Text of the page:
Response: From NTSB Report PAR-19-02: Overpressurization of Natural Gas Distribution System, Explosions, and Fires in Merrimack Valley, Massachusetts, September 13, 2018: 2.1 NTSB Safety Recommendation to Commonwealth of Massachusetts At the time of the accident, a Massachusetts P.E. stamp was not required on any utility system construction, operations, or maintenance projects as local natural gas distribution companies in the state had a utility exemption from requiring a P.E.’s stamp. On November 14, 2018, the NTSB issued a safety recommendation report, Natural Gas Distribution System Project Development and Review, in response to this accident and the events that followed (NTSB 2018). According to the report: The Commonwealth of Massachusetts’ exemption for the requirement of registered Professional Engineer (P.E.) to perform industrial and public utility work limits the opportunities for competently trained and experienced engineers to uncover system design and work process deficiencies. By eliminating the exemption, especially for systems involving inherently dangerous materials such as natural gas distribution systems, companies, workers, and the public are provided greater safety assurance that competent and qualified engineers, who are ethically bound to work only on projects within the scope of their expertise, will review, assess, and execute the requisite work activities according to best engineering practices and with expected safeguards. As a result of this investigation, the NTSB issued Safety Recommendation P-18-5 to the Commonwealth of Massachusetts Eliminate the professional engineer licensure exemption for public utility work and require a professional engineer’s seal on public utility engineering drawings. (P-18-5) Less than 2 months after the safety recommendation was issued, on December 28, 2018, Bill H.5005, requiring that licensed P.E.s review and approve engineering plans developed by or on behalf of natural gas companies, to ensure the safe construction, operation, and maintenance of natural gas infrastructure, was passed by the Massachusetts House of Representatives. The act applies to engineering work or services on natural gas distribution systems that could pose a material risk to public safety, as determined by the DPU, performed by or on behalf of a natural gas company. Moreover, the act requires any engineering plans or specifications for engineering work or services that could pose a material risk to public safety, developed by or on behalf of a natural gas company, to bear the stamp of approval of a licensed P.E.39 After the Massachusetts Senate passed the act, it was signed by the governor on December 31, 2018, as Chapter 339 of the Acts of 2018. This new law included an emergency preamble and took effect immediately. Because it required natural gas work that might pose a material risk to the public be reviewed and approved by a certified P.E., Safety Recommendation P-18-5 is classified CLOSED--ACCEPTABLE ACTION.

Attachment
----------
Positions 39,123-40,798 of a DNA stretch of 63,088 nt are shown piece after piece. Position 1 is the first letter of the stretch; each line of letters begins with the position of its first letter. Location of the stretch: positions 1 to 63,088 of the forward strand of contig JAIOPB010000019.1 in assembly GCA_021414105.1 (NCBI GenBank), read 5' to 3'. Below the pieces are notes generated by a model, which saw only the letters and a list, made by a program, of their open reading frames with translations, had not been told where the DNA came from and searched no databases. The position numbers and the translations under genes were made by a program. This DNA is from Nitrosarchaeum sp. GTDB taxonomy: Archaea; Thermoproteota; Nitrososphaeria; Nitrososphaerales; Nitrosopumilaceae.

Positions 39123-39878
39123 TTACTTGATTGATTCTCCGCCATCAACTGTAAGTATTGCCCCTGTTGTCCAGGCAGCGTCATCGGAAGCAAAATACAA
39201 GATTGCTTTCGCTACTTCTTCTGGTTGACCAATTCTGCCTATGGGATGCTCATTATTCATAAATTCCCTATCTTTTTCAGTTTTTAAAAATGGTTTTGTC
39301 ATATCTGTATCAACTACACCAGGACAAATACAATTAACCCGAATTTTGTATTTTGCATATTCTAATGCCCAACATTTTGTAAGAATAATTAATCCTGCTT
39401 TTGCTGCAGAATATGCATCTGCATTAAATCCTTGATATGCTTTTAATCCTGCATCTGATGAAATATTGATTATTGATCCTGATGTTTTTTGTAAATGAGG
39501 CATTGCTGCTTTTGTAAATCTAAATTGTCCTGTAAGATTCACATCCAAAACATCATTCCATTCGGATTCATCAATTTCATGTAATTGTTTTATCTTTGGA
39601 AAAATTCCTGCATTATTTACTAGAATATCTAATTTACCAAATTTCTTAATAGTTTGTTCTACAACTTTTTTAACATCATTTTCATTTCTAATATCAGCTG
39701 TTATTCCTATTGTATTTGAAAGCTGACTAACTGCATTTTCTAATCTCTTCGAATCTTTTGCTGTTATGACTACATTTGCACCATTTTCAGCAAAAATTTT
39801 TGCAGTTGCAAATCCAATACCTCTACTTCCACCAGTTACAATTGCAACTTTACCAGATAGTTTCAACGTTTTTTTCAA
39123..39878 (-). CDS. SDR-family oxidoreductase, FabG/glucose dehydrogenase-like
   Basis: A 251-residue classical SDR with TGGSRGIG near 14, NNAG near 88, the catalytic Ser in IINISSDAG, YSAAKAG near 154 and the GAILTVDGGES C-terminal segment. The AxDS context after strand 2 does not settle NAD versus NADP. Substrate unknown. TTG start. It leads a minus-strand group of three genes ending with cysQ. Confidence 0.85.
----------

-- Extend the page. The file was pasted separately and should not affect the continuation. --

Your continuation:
From: NTSB